I think pointing out the trust you have with your pastor is huge, and vital to any ministry within the church. I think Josh knowing that you’ve been sharing God-exalting songs for years now (on the spot), rather than “spirit-filled” jargon and blah blah blah-ing, is a definite benefit to the body.
Because I’ve seen when a worship leader had a “sensing” of a prophetic song, but it turned into a big mess of disorderly worship and the focus more on what the people were feeling rather than what God has done in Jesus.
Although I think that word “sensing” is a bit mystical sounding (as if a special 6th sense is needed to tune in to what the Holy Spirit is doing in a church), I appreciate you clarifying your motives by explaining that the songs are an overflow of what God has done for us.
Thanks for stopping by and for your comments. I agree. I’d never want to communicate that the only way to follow the Holy Spirit is through spontaneous leadings, impressions, or “sensing” what he’s doing. But in an effort to protect the authority and sufficiency of Scripture, some Christians have functionally ruled any experiential element out. That seems to fly in the face of what is happening in 1 Corinthians 12 and 14.
Thank you soooo much Bob! We are a ‘reformed charasmatic’ church too and it has been so refreshing and exciting for me to discover your website! I’m blessed, encouraged and edified with each e-mail I receive from “Worship Matters”
Bob, thanks so much for sharing this. I grew up in churches that would be considered charismatic, and not in a necessarily good way. I’ve seen the Spirit move in ways that I know are Him, and also seen man try to “manufacture” the moving (as if we control Him!). Seeing such a beautiful example of the Spirit leading really hit me. What an awesome thing to see! And the fact that what you received was not random thoughts repeated over and over, but a word that drives us into awe and wonder…to me, that’s the way it should be.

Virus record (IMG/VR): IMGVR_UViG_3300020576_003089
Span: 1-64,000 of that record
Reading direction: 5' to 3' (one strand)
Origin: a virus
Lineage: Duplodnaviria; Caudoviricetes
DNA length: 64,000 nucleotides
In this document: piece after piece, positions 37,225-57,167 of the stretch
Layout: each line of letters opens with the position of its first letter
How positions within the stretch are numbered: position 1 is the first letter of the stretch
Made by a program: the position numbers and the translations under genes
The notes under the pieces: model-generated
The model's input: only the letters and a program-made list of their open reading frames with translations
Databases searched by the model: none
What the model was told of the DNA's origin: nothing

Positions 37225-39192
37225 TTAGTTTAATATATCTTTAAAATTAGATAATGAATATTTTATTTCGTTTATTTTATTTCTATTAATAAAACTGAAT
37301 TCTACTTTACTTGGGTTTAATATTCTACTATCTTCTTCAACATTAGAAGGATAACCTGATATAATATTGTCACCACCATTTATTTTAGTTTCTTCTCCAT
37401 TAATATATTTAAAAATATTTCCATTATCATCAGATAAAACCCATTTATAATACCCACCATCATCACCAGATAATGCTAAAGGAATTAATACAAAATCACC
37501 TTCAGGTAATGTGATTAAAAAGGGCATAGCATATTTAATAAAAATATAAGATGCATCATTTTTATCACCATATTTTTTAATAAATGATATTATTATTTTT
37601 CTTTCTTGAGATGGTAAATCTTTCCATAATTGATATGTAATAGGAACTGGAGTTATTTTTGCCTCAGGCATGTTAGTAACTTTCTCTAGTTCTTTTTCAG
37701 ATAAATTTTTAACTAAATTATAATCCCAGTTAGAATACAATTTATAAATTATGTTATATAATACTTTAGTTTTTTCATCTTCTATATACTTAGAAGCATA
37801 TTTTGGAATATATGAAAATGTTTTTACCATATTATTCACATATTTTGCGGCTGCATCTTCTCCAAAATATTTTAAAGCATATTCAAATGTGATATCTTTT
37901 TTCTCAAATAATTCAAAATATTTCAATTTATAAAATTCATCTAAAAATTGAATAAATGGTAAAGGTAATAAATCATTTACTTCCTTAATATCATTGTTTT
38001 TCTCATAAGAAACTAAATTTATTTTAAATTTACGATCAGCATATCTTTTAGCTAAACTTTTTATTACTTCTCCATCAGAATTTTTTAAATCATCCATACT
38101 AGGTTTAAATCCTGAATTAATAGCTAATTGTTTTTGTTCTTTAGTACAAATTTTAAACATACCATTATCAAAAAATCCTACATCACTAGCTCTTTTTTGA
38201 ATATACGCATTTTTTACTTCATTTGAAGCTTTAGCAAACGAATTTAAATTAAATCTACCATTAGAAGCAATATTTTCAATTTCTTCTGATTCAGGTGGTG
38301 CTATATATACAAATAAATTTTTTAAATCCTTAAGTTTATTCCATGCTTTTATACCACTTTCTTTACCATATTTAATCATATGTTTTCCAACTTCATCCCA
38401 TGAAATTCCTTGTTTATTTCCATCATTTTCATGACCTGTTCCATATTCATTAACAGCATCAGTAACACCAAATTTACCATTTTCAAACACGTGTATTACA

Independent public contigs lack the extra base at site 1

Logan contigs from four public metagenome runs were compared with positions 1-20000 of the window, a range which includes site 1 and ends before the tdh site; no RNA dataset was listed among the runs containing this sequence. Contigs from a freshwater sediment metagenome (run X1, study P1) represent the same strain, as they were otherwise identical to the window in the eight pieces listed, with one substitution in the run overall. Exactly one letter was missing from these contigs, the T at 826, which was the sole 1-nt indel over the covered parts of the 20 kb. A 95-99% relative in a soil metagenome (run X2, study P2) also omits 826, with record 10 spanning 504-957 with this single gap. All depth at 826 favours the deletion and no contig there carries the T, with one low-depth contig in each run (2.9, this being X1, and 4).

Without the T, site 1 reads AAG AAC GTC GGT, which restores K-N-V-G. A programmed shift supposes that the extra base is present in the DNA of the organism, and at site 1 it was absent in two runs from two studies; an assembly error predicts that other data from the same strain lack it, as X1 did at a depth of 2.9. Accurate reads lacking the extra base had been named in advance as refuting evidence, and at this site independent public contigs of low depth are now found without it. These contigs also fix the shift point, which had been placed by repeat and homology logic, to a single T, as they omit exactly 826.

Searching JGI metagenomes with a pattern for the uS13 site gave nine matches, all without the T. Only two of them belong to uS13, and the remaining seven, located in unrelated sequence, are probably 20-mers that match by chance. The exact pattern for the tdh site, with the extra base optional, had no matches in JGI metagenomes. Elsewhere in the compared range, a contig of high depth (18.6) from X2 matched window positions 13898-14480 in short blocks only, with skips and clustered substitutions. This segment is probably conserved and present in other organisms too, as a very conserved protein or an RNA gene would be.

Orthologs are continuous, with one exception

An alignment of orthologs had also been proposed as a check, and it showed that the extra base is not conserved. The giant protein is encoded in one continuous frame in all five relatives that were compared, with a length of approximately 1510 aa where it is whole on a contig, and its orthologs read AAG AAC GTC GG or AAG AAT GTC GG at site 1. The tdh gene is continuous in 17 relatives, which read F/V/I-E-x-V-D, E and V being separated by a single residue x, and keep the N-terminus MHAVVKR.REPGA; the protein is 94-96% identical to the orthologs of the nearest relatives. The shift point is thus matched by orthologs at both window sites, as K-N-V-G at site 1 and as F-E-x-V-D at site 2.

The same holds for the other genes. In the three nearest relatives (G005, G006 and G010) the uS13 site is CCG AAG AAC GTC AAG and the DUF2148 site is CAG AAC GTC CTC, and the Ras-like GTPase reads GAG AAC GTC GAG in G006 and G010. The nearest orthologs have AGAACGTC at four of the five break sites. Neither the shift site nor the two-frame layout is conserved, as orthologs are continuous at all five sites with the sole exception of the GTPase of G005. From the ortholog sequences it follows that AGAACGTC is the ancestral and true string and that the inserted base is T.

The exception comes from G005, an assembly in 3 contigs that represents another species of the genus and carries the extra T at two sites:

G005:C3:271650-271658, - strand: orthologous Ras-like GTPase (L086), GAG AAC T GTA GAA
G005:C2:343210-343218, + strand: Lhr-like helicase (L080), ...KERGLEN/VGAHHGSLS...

And I, along with Ryan above, really appreciate your humility and honesty in sharing this with us. I pray that God would give us all a heart of humility and gratitude for what He’s given us in Christ Jesus.
Bob…thanks for sharing this. It was a blessing to me for sure to see you walk out 1 Corinthians 14 in song (and a great song at that:-) Peace…adam
I still remember the prophetic song you sang years ago during a Celebration conference in Lynchburg, Bob. It was a special word for … bald people.
At first, when those present heard what you were going to sing about, we all laughed. But when you sang and we heard the heart of God for those seeing themselves age … we were powerfully moved. One of my friends stopped wearing a toupe because of that word from the Lord. That sounds silly and trivial, but for those losing their hair, seeing in the mirror the effects of age and dying … it’s not trivial.
He sings over us, doesn’t He? …
thank you for posting this. over the past few weeks as I’ve been lost in a specific trial, God has used this song to point me back to my hope found in the cross.
Like Ted, I have been powerfully affected in the past by one of your songs as well. For me, it was at New Attitude last May and you sang a song for those struggling over past sexual sins and the guilt and condemnation that follows. The Lord powerfully used that song to immediately turn my life around – from one of feeling hindered by my past and now I’m a “second rate Christian” (as if that exists) to one of realization that the words “it is finished” applied even for me – even for this.
I remember as you sang “so live in the good of all that I paid for. Live in the good of the blood shed for you” that the Lord spoke clearly and directly to my heart and revealed to me the love on display at Calvary. There was/is no part of my sin not paid for on the cross.
I’m grateful that you posted this song. I view this song as a little teaser of what is to come on “Come Weary Saints” and I can’t wait to hear an entire CD focusing on our hope in Christ instead of remaining lost in our problems. Thanks!